In praise of dirty socks


Anyone who knows this particular governor knows that I like things tidy. I like straight lines and organised email folders. I love a good spreadsheet and my desk is immaculate. I could not teach in a primary school due to the volume of glue and paint  involved. Every evening I lay out clean clothes for my children and every morning I do battle with the hairbrush to get my five year old looking smart for school.

And then she comes home looking like she has spent most of the day rolling in mud. Seriously filthy. Head to toe in paint, glitter, grass and mud. So much mud.

And I love it.

Children need to get messy. They need to get covered in paint. They need to run around outside till they are sweaty and ready to drop. They need to collect leaves; make mud soup and befriend snails. Children need space to jump, dance, sing and shout.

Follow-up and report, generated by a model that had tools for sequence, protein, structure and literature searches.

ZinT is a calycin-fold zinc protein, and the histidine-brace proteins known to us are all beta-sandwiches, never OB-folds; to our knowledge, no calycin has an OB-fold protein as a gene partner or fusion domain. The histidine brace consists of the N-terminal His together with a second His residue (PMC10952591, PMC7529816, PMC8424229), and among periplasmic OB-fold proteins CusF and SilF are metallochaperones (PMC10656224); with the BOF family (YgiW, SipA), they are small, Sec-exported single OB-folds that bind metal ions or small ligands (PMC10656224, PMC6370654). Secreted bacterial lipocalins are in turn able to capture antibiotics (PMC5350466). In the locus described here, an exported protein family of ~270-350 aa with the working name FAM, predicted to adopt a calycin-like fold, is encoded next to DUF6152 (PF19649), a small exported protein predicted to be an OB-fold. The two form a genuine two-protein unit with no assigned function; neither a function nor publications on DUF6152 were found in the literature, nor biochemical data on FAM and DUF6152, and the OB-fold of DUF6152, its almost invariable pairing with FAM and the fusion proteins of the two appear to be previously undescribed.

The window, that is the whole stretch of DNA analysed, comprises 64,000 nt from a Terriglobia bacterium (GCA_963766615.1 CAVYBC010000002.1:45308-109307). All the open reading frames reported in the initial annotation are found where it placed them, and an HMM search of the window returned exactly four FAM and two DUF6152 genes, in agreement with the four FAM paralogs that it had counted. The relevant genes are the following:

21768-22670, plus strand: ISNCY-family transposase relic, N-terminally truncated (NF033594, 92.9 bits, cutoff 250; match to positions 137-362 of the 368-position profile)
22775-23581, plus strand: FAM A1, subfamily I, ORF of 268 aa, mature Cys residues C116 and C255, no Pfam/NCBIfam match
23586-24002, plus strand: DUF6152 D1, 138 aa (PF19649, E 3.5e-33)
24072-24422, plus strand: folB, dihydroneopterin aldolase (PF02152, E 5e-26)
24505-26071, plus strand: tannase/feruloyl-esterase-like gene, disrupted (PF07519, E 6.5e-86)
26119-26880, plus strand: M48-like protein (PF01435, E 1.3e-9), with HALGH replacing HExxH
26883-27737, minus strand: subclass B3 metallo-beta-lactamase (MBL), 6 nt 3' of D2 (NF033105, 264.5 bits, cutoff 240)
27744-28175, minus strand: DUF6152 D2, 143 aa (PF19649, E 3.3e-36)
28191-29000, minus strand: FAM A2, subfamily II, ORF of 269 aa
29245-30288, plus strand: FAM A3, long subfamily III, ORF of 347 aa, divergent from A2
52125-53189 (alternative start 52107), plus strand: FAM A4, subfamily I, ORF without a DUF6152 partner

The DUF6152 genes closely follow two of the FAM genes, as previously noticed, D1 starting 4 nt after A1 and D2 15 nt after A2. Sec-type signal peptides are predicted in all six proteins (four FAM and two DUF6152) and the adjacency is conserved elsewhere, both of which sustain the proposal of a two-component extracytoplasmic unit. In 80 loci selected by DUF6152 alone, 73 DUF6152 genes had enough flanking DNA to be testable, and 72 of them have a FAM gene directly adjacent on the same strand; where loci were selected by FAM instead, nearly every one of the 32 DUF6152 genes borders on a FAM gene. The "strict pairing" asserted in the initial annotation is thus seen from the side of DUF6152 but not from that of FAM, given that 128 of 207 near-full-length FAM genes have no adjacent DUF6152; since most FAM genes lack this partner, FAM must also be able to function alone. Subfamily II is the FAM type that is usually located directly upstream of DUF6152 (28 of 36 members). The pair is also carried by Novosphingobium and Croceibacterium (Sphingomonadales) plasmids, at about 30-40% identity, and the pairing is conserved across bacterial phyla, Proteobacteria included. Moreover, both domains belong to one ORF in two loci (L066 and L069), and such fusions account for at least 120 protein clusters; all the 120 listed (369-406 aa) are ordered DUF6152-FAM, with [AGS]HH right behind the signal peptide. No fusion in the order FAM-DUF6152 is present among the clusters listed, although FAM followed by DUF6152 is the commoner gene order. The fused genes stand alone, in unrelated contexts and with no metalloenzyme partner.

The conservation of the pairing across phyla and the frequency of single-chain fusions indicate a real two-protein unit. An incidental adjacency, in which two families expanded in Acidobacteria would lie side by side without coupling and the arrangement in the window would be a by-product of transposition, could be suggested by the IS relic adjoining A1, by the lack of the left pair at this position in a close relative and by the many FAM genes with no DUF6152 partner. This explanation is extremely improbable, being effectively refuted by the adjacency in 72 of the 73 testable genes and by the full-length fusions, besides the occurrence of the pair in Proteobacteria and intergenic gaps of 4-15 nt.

When I walk down the footpath next to the Forest School, I can really see what an amazing resource this is. An outdoor classroom where our children can learn about the natural world is such an enrichment to their education. Brushing leaves and dried mud out of hair is a small price to pay for that experience.

So bring on the paint-splattered polo shirts. Bring on the wet, muddy cardigan. Bring on the dirty socks.


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